Waco

Waco Biker Prosecutions Over After Nearly Four Years; All Remaining Charges Dropped

District Attorney admits "we are not able to prosecute any of those cases and reach our burden of proof beyond a reasonable doubt."

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Nearly four years ago, over 170 people were arrested after a chaotic scene outside a meeting of biker clubs at the Twin Peaks restaurant in Waco, Texas,** in which both police and some bikers fired guns and nine people were killed (at least four of them almost certainly by police) and 20 injured. Today, after years of highly questionable prosecutorial practices, the remaining 24 indictments have been dropped. No one will actually end up convicted for any crimes committed that day in May 2015.

CNN

Current McLennan County District Attorney Barry Johnson, who inherited the whole mess from former D.A. Abel Reyna, told the Waco Tribune that he spent 75 percent of his time since taking office in January trying to deal with the aftermath, and has concluded "after looking over the 24 cases we were left with, it is my opinion as your district attorney that we are not able to prosecute any of those cases and reach our burden of proof beyond a reasonable doubt."

Despite lacking any sure knowledge of who actually harmed anyone and who was just unlucky enough to be there, 155 people were indicted on the identical charge of "engaging in organized criminal activity" and held on punitively large $1 million bonds.

Despite causing severe harm to many of the arrestees' lives—by either the time they spent in jail or by the indictments hanging over their heads—only one of the indictments ever even went to trial in the intervening years, and that one "ended in mistrial in November 2017, with most of the jurors in his case favoring acquittal," as the Waco Tribune noted.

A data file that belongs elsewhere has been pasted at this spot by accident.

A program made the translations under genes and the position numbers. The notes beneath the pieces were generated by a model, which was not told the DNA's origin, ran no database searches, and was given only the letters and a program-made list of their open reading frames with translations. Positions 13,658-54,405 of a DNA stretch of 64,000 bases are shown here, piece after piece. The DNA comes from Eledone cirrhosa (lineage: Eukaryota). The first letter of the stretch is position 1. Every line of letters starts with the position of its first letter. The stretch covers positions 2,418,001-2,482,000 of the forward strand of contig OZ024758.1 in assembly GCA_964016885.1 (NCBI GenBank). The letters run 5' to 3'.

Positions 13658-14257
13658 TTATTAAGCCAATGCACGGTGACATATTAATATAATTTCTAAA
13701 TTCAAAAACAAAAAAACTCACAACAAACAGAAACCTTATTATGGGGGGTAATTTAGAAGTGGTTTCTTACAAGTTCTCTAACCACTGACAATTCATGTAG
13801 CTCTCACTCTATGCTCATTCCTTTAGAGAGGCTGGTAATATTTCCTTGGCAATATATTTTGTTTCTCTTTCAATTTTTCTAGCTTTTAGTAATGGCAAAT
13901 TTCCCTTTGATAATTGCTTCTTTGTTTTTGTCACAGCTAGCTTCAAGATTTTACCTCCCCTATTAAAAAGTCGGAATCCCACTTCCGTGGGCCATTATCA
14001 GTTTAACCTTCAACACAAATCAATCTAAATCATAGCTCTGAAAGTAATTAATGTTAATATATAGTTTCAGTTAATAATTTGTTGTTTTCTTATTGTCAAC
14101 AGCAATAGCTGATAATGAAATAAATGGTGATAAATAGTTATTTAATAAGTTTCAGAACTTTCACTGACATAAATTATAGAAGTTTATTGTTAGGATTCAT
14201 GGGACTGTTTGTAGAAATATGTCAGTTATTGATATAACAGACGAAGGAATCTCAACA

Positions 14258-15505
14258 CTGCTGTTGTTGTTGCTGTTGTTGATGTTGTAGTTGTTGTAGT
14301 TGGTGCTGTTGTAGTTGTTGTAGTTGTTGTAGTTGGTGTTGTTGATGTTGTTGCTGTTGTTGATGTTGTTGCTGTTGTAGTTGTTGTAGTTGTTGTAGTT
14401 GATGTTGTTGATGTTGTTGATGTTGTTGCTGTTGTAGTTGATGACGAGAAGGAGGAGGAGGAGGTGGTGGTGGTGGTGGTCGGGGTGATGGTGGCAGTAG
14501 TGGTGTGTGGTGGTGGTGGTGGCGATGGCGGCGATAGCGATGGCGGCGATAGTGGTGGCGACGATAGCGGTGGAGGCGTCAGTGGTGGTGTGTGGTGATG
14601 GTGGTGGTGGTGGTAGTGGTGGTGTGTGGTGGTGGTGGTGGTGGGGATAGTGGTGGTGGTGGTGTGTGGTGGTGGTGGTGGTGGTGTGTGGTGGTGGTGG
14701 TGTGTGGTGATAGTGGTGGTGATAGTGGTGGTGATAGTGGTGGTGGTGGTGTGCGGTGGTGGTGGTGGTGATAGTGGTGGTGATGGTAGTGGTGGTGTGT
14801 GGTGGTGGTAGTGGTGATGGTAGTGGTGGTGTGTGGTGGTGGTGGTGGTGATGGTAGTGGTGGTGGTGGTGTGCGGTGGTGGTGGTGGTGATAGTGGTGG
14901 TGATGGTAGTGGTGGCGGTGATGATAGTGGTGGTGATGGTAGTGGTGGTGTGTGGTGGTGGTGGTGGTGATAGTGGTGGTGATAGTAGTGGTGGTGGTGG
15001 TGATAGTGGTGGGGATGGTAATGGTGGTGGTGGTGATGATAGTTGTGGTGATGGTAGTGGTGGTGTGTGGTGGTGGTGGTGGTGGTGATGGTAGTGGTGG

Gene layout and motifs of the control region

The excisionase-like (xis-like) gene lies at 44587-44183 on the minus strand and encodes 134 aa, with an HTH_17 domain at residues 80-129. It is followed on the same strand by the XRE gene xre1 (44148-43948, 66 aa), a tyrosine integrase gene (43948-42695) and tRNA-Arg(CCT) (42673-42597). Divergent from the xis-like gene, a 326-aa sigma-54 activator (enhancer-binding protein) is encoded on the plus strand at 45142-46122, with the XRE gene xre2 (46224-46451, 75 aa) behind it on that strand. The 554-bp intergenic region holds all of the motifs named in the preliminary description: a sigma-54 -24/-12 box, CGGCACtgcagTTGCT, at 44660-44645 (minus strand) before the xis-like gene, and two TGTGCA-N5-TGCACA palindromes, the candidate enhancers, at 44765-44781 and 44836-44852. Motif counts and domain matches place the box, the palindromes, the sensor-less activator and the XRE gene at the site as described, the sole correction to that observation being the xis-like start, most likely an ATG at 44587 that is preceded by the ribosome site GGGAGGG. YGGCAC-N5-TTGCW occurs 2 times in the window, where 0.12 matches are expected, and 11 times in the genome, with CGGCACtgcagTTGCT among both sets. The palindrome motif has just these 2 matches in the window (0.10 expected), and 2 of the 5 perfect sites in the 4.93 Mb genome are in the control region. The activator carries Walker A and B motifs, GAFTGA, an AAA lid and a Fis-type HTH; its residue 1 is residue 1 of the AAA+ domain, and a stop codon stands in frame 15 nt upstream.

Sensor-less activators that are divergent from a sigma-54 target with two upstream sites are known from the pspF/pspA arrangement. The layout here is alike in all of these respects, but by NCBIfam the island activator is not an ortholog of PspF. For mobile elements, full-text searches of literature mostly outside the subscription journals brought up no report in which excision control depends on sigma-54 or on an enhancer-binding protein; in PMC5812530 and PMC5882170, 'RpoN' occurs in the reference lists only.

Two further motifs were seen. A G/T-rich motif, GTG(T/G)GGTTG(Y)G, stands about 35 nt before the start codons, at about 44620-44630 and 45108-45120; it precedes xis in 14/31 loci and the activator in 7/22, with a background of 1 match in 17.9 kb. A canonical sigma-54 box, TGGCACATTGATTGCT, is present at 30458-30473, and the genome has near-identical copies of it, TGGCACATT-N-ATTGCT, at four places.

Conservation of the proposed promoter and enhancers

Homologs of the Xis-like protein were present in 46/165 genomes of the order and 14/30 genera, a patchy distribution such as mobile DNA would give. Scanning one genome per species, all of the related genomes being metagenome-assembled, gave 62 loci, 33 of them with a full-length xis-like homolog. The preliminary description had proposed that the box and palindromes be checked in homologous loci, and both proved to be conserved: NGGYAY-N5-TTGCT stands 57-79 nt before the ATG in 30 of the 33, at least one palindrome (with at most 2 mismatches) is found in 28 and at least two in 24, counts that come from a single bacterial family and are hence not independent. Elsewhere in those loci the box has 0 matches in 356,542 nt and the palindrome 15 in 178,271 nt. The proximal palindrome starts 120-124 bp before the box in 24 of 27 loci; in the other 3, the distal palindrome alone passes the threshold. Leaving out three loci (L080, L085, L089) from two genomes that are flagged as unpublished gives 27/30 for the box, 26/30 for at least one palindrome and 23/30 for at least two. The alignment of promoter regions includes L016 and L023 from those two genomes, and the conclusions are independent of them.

Reyna himself, in charge during the initial arrests and charges, had already dismissed all but 24 of the cases, and he re-indicted those suspects on different charges. The Tribune also pointed out that some other possible charges were no longer available to the D.A. as the absurdly overlong process in the case pushed them past the three-year statue of limitations.

New D.A. Johnson jabbed at Reyna, who he beat handily in an election last year:

In my opinion, had this action been taken in a timely manner, it would have, and should have, resulted in numerous convictions and prison sentences against many of those who participated in the Twin Peaks brawl. Over the next three years the prior district attorney failed to take that action, for reasons that I do not know to this day.

Reyna's bad actions and planning, Johnson claims, cost the county at least $1.5 million in preparation, trial, security, and overtime costs.

And the potential costs to the county aren't over yet. As the Waco Tribune reported, "more than 130 of the bikers have civil rights lawsuits pending against Reyna, former Waco Police Chief Brent Stroman, the city of Waco, McLennan County and individual local and state officers who were involved in the arrests."

As attorney Don Tittle, who is representing over 100 such bikers, told the Waco Tribune:

Maybe if law enforcement had stuck with the original plan to focus on individuals who might have been involved in the violence and let the rest of the motorcyclists go after being interviewed, things would have gone differently…. It's hard to imagine that turning the operation into a dragnet wasn't a major distraction for the investigation, not to mention a public that grew increasingly skeptical as this thing played out. All this for an ill-advised attempt to prove an imaginary conspiracy theory, which to this day there's not a shred of evidence to support.

Reason has reported on the case from the beginning, on such elements as the police department's own role in the mayhem it claimed to be quelling, the civil rights implications of the mass arrests on the same generic charge, police attempts to obfuscate evidence, police presence on the grand jury, the absurd punitive nature of the $1 million bonds, the damage to defendants inherent from the start in the mass arrests, and the gradual falling apart of all the indictments over time.